EU: Tehran Should Play Constructive Role on Syria

EU: Tehran Should Play Constructive Role on Syria
EU: Tehran Should Play Constructive Role on Syria

The European Union's top diplomat on Tuesday voiced the hope that Iran would play an important and constructive role in a renewed United Nations push to restart negotiations aimed at ending the four-year conflict in Syria.

The UN envoy to Syria, Staffan de Mistura, has said he will begin meeting in May with the country's government, opposition groups and regional powers including Iran to assess by the end of June whether there is any hope brokering an end to the war.

EU foreign policy chief Federica Mogherini said it was crucial that the EU and the six major powers successfully conclude nuclear talks with Tehran, which she said could boost Iran's regional role in a positive manner, Reuters reported.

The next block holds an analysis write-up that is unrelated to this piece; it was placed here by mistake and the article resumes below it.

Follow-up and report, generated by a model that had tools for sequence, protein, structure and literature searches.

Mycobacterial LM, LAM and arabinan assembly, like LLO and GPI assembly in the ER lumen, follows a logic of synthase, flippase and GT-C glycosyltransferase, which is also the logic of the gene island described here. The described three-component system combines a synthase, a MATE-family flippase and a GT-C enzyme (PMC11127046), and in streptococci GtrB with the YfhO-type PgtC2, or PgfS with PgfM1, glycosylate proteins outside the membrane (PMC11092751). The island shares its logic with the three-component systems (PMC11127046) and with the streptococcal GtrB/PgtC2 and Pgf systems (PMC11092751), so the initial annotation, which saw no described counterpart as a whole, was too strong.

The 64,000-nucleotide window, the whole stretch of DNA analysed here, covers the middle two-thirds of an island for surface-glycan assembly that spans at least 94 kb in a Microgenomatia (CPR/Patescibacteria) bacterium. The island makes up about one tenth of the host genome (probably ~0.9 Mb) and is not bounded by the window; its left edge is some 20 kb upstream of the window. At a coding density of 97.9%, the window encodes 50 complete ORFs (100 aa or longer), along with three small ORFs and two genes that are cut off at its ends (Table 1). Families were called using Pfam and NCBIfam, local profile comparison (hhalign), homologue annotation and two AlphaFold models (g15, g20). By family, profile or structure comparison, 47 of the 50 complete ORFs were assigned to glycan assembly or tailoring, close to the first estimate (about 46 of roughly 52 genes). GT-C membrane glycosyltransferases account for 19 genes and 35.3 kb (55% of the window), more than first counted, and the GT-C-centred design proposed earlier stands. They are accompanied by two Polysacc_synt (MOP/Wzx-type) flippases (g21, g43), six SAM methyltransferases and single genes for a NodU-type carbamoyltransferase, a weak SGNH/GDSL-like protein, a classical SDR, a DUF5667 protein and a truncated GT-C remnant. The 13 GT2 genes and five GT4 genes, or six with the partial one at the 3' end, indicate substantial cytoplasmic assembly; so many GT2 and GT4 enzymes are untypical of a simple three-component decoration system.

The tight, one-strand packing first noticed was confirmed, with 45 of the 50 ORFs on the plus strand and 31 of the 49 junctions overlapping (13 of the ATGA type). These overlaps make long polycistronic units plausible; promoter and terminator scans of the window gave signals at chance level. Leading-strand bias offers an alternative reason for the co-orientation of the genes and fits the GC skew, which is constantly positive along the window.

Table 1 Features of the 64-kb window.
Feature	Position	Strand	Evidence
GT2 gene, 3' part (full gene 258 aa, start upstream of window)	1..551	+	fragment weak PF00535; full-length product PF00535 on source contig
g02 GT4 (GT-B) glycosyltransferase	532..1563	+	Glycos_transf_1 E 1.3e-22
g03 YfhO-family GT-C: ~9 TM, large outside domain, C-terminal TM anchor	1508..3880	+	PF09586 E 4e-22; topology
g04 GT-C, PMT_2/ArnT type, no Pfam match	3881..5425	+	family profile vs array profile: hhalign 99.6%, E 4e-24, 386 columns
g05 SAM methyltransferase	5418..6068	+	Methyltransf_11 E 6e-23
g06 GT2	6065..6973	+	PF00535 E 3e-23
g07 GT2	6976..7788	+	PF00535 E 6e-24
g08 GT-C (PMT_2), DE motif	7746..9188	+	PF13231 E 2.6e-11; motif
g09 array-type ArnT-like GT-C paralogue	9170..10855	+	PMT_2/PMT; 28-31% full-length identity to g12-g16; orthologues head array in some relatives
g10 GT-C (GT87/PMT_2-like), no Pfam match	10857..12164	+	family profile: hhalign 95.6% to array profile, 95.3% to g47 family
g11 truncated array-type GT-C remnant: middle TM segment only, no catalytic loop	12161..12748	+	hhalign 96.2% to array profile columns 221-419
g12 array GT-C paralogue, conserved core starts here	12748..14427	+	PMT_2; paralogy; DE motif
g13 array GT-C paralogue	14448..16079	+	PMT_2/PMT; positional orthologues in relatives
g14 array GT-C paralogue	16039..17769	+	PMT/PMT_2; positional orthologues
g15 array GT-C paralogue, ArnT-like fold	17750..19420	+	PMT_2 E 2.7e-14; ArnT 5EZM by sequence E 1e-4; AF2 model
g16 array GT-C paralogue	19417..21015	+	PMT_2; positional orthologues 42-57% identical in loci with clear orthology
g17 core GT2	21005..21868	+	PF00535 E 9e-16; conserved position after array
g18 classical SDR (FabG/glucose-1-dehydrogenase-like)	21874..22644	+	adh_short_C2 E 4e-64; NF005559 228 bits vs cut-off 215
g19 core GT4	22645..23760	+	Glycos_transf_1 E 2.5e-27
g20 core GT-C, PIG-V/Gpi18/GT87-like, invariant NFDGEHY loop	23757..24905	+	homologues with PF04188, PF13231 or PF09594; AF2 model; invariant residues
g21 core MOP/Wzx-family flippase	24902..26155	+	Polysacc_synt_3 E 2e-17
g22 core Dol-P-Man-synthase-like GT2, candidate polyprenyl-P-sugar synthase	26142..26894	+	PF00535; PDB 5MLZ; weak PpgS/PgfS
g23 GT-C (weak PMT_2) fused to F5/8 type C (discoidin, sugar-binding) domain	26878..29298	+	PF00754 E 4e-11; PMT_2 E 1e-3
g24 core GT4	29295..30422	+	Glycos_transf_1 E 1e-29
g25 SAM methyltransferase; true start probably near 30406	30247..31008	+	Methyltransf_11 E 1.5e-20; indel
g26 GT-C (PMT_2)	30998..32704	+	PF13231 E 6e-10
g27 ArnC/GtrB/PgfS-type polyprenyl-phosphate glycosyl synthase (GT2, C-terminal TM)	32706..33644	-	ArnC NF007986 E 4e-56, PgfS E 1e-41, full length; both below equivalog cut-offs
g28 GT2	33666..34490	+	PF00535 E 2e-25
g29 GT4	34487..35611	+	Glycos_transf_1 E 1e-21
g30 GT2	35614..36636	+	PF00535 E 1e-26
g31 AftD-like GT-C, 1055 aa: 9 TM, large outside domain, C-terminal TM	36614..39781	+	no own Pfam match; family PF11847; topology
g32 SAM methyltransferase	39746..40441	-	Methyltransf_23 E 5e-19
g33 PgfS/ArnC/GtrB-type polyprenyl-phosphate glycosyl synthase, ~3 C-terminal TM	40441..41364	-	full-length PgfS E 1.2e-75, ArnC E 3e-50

"The best possible approach you can have is ... on one side have a positive outcome of the nuclear talks so that we can be sure that they cannot develop a nuclear weapon," she said.

Iran denies its nuclear activities may have any military objectives, saying the work is solely for peaceful applications such as generating electricity.

"On the other side, call for Iran to play a major, major but positive, role on Syria in particular, to encourage the regime to ... (support) a Syrian-led transition," said Mogherini, referring to a 2012 UN plan for a political transition in Syria.

The deadline for a final nuclear deal with Iran is June 30. Iran and the six powers (the United States, Russia, China, Britain, France and Germany) reached a tentative deal on April 2.

UN Secretary-General Ban Ki-moon asked de Mistura earlier this month to "focus much more to re-launch a political process" after his attempt to broker a local truce in Aleppo failed to materialize.

Mogherini suggested that including Iran was crucial. "I understand very well the concerns of many Arab countries, not only Arab countries, in the region on the role of Iran," she said. "But I am also convinced that it would be naive to imagine that a country like Iran could simply disappear from the map."